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The Oregon Complication

December 12, 2019

In 1860 44% of Florida’s population was in slavery.  In Louisiana and South Carolina the numbers were 47% and 57% respectively.  Lincoln freed the slaves in these and other states of the Confederacy in 1863, but they did not have the right to vote until passage of the 15th Amendment in 1870.  The former slaves voted overwhelmingly for the Republican Presidential candidate in 1872 and 1876, but Democrats did their best to suppress that vote.  1876 was the last time a Republican won all three states until Richard Nixon defeated George McGovern in 1972.

In 1876 it was obvious that voter suppression had occurred in Louisiana and South Carolina, but irregularities in the Florida vote were not so easy to determine.  If Florida were to go Democratic that year, Samuel Tilden would be elected President.  Meanwhile, a controversy arose regarding the Oregon electors.  Oregon had three Electoral votes for Republican Rutherford Hayes, but one of the electors was disqualified.  The Democrat governor tried to appoint a Democrat to replace him.  This would have given Tilden the Presidency even without the votes of Florida, Louisiana, or South Carolina.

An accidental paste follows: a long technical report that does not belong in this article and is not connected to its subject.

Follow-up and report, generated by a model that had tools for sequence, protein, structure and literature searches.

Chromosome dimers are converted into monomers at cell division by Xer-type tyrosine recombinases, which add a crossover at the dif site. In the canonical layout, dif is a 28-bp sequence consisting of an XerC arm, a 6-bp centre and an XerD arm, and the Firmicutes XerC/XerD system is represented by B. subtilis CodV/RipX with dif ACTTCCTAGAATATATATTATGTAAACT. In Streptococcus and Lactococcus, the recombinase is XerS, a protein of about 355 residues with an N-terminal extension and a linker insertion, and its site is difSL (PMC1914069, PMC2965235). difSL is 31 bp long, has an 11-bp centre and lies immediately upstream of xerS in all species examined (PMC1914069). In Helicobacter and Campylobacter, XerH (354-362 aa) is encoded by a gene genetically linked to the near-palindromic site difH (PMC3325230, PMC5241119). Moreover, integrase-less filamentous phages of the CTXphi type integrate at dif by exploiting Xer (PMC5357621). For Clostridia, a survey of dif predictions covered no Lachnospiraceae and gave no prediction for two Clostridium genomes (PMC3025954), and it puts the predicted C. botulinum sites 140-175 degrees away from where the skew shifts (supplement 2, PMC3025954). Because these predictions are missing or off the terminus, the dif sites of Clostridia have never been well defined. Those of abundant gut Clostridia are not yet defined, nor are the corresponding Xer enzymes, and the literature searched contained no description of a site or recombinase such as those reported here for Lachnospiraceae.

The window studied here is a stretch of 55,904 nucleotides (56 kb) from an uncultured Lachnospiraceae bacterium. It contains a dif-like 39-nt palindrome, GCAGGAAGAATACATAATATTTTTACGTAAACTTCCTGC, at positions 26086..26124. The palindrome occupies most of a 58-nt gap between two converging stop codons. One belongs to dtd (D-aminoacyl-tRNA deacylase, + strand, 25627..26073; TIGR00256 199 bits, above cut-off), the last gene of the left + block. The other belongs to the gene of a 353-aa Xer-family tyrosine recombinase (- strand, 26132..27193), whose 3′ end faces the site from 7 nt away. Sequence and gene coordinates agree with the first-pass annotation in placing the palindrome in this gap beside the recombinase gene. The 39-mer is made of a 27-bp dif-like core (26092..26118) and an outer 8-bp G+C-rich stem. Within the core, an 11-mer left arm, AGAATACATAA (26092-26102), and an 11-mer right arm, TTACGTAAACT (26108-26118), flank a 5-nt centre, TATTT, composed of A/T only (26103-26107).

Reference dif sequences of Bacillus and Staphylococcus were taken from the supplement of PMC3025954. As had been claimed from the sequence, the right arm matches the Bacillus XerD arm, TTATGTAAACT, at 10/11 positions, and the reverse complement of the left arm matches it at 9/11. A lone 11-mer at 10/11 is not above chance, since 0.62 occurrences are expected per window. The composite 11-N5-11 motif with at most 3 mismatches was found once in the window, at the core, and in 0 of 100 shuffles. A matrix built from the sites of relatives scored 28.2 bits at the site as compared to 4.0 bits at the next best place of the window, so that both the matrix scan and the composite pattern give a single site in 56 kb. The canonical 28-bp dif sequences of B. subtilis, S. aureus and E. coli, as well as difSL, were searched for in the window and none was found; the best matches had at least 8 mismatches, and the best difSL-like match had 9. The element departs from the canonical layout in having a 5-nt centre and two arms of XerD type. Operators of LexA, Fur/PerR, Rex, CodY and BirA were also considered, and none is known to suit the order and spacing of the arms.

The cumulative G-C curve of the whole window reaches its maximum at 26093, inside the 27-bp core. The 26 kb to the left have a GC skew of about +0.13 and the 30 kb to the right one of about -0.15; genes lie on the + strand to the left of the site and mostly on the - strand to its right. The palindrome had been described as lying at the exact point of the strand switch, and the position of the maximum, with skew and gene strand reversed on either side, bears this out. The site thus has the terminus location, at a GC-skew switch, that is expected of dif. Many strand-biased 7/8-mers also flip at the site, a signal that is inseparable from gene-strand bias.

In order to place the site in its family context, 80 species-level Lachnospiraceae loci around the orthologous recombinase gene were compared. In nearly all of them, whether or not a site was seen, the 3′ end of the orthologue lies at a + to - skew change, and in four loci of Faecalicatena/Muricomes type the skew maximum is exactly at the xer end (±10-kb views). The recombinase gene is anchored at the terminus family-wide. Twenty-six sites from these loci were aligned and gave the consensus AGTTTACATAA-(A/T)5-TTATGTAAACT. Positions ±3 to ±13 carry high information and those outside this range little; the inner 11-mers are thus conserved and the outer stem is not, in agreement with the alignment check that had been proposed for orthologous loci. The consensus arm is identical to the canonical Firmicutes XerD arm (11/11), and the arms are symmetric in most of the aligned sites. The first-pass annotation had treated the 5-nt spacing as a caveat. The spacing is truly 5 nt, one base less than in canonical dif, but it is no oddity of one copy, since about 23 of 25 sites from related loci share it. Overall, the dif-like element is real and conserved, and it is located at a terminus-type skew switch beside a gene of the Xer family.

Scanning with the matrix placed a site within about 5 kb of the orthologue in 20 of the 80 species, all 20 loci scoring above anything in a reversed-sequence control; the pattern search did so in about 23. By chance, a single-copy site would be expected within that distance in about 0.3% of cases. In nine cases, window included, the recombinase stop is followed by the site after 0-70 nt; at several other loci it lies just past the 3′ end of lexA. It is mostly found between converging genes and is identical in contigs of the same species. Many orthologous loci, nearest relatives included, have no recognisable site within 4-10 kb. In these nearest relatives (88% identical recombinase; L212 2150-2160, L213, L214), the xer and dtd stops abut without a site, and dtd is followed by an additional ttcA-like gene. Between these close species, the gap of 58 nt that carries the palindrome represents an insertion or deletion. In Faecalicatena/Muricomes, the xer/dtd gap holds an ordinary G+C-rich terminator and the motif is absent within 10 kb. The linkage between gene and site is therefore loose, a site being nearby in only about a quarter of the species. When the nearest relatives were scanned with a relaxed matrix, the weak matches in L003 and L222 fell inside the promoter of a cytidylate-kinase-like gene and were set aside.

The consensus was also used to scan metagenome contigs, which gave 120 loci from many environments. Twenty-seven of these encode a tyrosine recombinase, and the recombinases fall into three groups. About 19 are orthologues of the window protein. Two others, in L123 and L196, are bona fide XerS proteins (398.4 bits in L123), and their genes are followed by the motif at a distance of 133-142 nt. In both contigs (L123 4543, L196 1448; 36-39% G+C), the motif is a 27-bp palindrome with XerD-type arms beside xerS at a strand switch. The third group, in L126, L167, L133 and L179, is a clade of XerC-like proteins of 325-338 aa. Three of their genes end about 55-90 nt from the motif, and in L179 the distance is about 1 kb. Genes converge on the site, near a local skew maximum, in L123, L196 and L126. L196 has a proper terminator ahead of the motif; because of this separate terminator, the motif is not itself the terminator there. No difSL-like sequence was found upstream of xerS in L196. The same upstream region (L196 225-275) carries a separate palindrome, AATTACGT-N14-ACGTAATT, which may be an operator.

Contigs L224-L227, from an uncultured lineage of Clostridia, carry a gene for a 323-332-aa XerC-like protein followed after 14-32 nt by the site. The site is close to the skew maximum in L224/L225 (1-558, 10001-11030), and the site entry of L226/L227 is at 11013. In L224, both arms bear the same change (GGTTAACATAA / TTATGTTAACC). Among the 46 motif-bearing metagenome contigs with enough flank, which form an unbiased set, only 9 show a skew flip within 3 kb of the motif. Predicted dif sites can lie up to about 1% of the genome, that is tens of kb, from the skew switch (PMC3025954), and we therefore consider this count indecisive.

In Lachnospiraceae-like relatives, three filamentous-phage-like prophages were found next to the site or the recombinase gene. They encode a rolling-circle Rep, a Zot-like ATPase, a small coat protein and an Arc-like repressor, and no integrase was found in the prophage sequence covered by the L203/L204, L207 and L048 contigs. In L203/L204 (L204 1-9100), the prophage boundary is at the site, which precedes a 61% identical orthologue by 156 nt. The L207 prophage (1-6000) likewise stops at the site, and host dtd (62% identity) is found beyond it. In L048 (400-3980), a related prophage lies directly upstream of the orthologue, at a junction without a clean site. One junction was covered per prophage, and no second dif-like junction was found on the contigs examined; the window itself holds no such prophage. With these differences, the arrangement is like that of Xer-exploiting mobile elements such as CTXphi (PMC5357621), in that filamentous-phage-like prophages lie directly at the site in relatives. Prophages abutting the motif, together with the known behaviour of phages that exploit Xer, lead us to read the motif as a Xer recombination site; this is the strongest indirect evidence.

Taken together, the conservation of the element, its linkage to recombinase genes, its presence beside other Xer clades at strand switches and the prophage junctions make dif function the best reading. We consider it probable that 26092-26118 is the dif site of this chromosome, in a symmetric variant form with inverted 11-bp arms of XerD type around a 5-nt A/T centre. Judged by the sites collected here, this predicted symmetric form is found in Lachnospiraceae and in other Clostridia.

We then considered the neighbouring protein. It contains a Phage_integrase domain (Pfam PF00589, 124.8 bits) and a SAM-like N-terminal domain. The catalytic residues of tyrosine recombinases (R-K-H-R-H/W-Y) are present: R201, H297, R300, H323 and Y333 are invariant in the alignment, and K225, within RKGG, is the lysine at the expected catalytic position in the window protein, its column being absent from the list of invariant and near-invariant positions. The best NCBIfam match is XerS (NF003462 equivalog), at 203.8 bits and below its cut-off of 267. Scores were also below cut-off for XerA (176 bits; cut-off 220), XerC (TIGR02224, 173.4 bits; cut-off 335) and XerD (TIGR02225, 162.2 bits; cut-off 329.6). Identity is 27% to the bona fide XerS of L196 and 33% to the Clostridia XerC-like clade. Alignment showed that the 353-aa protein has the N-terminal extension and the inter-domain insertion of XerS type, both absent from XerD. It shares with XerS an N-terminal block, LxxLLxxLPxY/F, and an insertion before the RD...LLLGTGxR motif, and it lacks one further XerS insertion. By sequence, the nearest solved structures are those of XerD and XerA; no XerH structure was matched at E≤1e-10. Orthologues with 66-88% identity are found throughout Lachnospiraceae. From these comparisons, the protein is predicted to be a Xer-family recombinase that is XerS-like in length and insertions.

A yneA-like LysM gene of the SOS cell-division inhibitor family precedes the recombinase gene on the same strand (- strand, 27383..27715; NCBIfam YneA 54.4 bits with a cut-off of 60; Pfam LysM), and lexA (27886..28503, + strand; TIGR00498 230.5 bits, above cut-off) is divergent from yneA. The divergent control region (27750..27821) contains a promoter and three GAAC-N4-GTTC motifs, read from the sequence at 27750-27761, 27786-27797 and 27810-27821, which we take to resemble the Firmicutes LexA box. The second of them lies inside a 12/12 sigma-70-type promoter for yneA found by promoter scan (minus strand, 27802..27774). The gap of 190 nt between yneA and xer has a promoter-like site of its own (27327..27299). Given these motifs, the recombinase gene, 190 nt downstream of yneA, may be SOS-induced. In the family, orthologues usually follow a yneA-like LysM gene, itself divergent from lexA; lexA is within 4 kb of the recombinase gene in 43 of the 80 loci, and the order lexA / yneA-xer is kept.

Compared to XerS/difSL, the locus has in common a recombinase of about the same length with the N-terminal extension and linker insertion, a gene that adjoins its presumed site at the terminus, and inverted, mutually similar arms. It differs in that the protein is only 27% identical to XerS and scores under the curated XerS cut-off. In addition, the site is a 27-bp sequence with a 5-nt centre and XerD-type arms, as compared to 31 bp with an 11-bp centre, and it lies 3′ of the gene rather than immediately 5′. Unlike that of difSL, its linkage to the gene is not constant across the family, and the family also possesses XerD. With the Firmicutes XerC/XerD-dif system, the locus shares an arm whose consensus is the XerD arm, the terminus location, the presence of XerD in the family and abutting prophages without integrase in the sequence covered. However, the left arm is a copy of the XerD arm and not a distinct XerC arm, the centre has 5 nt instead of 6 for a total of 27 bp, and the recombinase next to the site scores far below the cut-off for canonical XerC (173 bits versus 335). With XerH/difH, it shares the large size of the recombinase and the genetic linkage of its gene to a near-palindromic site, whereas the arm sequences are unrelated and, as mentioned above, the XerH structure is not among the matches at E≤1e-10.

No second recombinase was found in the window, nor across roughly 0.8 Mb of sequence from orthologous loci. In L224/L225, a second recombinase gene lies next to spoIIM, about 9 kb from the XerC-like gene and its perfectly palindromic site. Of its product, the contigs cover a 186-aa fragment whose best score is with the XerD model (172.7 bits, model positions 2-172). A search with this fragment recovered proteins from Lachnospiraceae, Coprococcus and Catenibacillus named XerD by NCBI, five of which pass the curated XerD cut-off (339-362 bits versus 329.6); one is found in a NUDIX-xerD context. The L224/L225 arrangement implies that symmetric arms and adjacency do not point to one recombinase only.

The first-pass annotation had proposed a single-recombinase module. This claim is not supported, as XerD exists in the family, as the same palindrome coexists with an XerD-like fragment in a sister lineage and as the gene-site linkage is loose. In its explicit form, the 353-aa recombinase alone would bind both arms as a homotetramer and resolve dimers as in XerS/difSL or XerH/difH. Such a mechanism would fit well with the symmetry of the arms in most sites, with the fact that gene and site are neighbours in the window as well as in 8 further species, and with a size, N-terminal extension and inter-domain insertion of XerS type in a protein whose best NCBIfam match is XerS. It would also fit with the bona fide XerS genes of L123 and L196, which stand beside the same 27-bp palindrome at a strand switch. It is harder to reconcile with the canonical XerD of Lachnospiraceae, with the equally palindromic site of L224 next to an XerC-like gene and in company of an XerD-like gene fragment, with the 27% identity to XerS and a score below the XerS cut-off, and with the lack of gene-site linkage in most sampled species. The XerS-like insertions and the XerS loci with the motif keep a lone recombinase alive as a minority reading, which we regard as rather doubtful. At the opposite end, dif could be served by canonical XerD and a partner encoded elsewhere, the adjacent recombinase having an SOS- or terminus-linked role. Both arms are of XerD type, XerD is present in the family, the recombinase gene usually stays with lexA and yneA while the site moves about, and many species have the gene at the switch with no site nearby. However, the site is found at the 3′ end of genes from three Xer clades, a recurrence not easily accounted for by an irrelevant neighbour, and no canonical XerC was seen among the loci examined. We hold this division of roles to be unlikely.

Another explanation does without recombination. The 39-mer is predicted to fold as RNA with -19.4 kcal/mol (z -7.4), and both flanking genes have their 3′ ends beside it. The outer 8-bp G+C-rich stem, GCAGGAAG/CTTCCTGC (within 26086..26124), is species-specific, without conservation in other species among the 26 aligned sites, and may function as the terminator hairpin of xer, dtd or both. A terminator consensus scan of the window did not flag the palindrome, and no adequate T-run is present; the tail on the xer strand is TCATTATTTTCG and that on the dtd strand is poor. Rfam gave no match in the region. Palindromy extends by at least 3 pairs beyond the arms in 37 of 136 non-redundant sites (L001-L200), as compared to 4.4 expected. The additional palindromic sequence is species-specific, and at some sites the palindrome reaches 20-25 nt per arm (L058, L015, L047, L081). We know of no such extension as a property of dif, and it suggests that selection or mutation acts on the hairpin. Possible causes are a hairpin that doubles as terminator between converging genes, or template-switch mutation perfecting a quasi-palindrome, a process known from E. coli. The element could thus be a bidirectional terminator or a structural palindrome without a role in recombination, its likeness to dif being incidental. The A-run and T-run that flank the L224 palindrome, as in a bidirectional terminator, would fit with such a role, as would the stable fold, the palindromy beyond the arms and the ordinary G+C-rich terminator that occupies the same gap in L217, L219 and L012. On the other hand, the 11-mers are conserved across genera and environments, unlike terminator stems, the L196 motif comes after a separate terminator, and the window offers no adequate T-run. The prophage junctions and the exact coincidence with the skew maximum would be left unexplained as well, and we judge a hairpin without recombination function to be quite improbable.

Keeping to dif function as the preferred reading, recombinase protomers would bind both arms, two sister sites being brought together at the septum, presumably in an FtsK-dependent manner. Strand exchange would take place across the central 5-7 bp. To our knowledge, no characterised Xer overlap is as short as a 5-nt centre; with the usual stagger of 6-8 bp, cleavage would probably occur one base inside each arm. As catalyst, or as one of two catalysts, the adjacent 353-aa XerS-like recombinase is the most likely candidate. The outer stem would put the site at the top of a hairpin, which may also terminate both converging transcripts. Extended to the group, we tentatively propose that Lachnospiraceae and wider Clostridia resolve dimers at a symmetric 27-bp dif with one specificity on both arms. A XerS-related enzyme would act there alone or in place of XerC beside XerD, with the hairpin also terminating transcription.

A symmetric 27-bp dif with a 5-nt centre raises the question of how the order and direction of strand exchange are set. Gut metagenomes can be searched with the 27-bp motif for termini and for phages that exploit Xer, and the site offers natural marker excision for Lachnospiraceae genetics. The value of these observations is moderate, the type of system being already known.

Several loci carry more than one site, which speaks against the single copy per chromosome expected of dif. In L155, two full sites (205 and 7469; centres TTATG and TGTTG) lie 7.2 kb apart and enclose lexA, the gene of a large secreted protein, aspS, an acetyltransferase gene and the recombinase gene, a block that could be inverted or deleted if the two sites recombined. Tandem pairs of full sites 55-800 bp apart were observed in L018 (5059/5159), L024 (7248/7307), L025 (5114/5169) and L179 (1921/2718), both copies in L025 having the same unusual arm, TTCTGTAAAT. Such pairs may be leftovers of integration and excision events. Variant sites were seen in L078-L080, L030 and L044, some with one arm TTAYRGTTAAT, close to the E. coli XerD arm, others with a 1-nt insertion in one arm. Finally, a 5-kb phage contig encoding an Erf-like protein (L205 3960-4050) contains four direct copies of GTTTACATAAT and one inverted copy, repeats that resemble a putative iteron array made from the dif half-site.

When considering the vote in Louisiana, Oregon, and South Carolina, it was reasonable to assume the fifteen commissioners appointed by Congress would vote 8 to 7 in favor of Hayes.  The only place where the Democrats had a real chance was Florida.  They had hoped Associate Justice David Davis would vote in their favor, but he had resigned from the Supreme Court and was no longer eligible to serve on the Electoral Commission.  Since there were no Democrats or independents left on the Court, the Commission was forced to accept another Republican.  His decision regarding the Florida vote would determine who won the 1876 Presidential election.

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